Preparing S-parameters/Touchstone® Model for High-Speed PCB Analysis
In past years, more design engineers started to use S-parameters/Touchstone® for Signal Integrity and Power Integrity analysis. The S-parameters/Touchstone® is nothing new. However, it is becoming more popular because it covers good information in a simplified behavioral format. Still, it does have some disadvantages if a lack of data accuracy or/and sufficiency is present.
In this post, I’ll introduce the history and content of S-parameters/Touchstone®. We also will discuss its advantages and disadvantages and how to use the tool to overcome the issues.
History of S-parameters
S-parameters refer to the scattering matrix of a microwave network; the “S” in S-parameters refers to scattering.
Before the 1950s and the extensive use of high-frequency systems, network parameters like Y- and Z-parameters were the primary method of characterizing circuit performance. At higher frequencies, the concept of voltages and currents became more difficult to relate to network performance – especially in networks using transmission lines like waveguides. S-parameters are related to power waves and eliminate many of these issues.
The 1948 Radiation Laboratory series, “Principles of Microwave Circuits,” introduced the emerging microwave community to practical approaches to solving microwave design problems using scattering parameters in the design of circuits.
It helped that during the 1960s, Hewlett Packard introduced the first microwave network analyzers. The scattering wave concept was further popularized around the time that Kaneyuki Kurokawa of Bell Labs wrote his 1965 IEEE article “Power Waves and the Scattering Matrix.” Also, Robert Collin’s textbook, Field Theory of Guided Waves, published in 1960, has a brief discussion on the Scattering matrix. Collin’s book is extensively annotated, including an author index, which reads like a Who’s Who of electromagnetic theory for the first half of the twentieth century.
The word “Touchstone” was issued by EEsof (a part of Agilent Technologies, now Keysight). In 2009, Touchstone 2.0 was ratified by IBIS. Touchstone 2.0 added resistance per port option for Power Delivery System and mixed-mode features for differential setups. Currently, Touchstone 1.0 is widely supported by most of the tools. Touchstone 2.0 is still not supported by a number of EDA vendors.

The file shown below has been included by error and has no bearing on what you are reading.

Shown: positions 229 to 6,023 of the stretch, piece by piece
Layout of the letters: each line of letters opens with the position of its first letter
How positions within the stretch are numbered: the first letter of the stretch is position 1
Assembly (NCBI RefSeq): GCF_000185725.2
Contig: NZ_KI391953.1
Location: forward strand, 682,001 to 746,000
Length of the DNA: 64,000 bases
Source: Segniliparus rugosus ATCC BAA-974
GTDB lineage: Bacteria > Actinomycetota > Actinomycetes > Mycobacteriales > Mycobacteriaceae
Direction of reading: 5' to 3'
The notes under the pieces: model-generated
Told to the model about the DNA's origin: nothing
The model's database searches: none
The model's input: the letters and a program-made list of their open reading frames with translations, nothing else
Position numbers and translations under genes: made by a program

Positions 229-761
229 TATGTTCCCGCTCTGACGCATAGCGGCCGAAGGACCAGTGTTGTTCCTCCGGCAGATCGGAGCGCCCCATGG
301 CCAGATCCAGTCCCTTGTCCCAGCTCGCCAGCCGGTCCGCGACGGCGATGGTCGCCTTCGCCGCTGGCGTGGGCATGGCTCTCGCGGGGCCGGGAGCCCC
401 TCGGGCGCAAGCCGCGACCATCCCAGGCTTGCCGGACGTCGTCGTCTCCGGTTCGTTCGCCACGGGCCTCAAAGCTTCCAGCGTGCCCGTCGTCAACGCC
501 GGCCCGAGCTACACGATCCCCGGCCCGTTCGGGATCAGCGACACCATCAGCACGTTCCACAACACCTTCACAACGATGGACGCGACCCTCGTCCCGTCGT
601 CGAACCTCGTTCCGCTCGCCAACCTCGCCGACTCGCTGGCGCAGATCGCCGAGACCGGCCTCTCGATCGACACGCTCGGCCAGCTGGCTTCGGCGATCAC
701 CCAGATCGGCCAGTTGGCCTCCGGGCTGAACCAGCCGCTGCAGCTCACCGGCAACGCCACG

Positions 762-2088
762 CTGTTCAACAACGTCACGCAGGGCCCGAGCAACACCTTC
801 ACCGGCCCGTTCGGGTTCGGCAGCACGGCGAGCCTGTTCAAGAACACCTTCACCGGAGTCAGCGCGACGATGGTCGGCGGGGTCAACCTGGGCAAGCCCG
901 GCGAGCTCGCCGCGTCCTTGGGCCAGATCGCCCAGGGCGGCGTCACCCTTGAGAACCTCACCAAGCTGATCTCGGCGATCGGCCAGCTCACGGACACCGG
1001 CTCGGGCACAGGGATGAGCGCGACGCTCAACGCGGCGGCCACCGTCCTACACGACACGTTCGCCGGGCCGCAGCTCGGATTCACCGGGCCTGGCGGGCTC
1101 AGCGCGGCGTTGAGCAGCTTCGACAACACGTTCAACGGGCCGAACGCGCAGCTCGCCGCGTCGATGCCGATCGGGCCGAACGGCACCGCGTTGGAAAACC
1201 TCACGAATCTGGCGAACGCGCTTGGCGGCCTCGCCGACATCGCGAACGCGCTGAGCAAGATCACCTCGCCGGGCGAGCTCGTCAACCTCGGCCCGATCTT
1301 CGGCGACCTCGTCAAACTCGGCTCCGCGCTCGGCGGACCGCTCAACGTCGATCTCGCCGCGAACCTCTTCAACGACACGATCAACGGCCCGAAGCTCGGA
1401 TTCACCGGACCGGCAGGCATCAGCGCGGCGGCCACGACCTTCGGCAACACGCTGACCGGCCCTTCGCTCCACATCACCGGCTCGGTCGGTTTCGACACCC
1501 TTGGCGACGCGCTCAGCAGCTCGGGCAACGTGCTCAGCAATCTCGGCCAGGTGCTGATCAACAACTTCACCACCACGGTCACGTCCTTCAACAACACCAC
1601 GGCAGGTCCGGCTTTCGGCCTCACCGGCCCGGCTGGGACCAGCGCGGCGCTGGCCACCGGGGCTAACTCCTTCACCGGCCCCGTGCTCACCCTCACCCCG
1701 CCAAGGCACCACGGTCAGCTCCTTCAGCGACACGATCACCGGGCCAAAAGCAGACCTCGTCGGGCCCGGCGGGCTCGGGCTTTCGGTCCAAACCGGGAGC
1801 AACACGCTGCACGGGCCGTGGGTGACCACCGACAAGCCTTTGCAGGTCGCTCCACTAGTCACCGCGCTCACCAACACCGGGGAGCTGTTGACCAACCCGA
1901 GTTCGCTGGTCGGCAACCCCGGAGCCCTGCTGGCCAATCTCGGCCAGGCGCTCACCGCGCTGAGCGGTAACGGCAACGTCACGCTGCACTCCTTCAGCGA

Contents of S-parameters
What do the S-parameters contain? An S-parameters model contains the information for the gain/loss and phase against reference resistance port(s) on the frequencies.
Original S-parameters and Touchstone 1.0 only allow the single reference port for one model, but Touchstone 2.0 enables multi-reference ports in an S-parameters model.
- 2-port and n-port S-parameter/Touchstone® format and contents are shown below:
Strengths and Weaknesses when Using S-parameters in Analysis
S-parameters are used more and more in high-speed digital circuit designs, so it’s not new to SI/PI engineers. But why are S-parameters used often in SI/PI analysis in multi-GHz channel analysis?
Consider these reasons:
- S-parameters are always defined, though impedance or admittance may not be.
- S-parameters are normalized. There are good numerical properties in the simulations.
- S-parameters are easily measured, even at very high frequency. Better for simulation and measurement correlations.
- Standardized format for S-parameters (Touchstone®). The measurement equipment uses Touchstone® for output. Most field solvers provide Touchstone® output as well.
- Tabulated ASCII format frequency data does not disclose any design details but only electrical properties.
- The best way to represent broadband EM/circuit interactions. It is the essence of Signal and Power Integrity.
With a lot of advantages from S-parameters, there are also some weaknesses in simulations when S-parameters data has:
- Limited frequency range coverage
- DC point absent
- Coarse sampling
- Unintentional non-passivity
- Measurement noise
Effects of Passivity and Causality Issues in S-parameters/Touchstone®
In passive interconnects, such as traces, vias, wires, etc., the signal from one end to another should not have gained. Instead, it should always have a loss. S-parameters/Touchstone® is designed for passive elements. The simulation will be “exploded” if the S-parameters/Touchstone® model is not passive. See the image below.
- When a signal goes through a passive interconnect from one end to another, the input signal will always be earlier than the output signal. Given that the S-parameters/Touchstone® file is frequency-oriented, sometimes we find the output signal is earlier than the input signal in time-domain simulations. This is called a non-causal event. Non-causal events directly affect channel analysis accuracy, especially for timing analysis. The picture below shows what a non-causal event is.
Preparing S-parameters/Touchstone® for SI/PI Simulations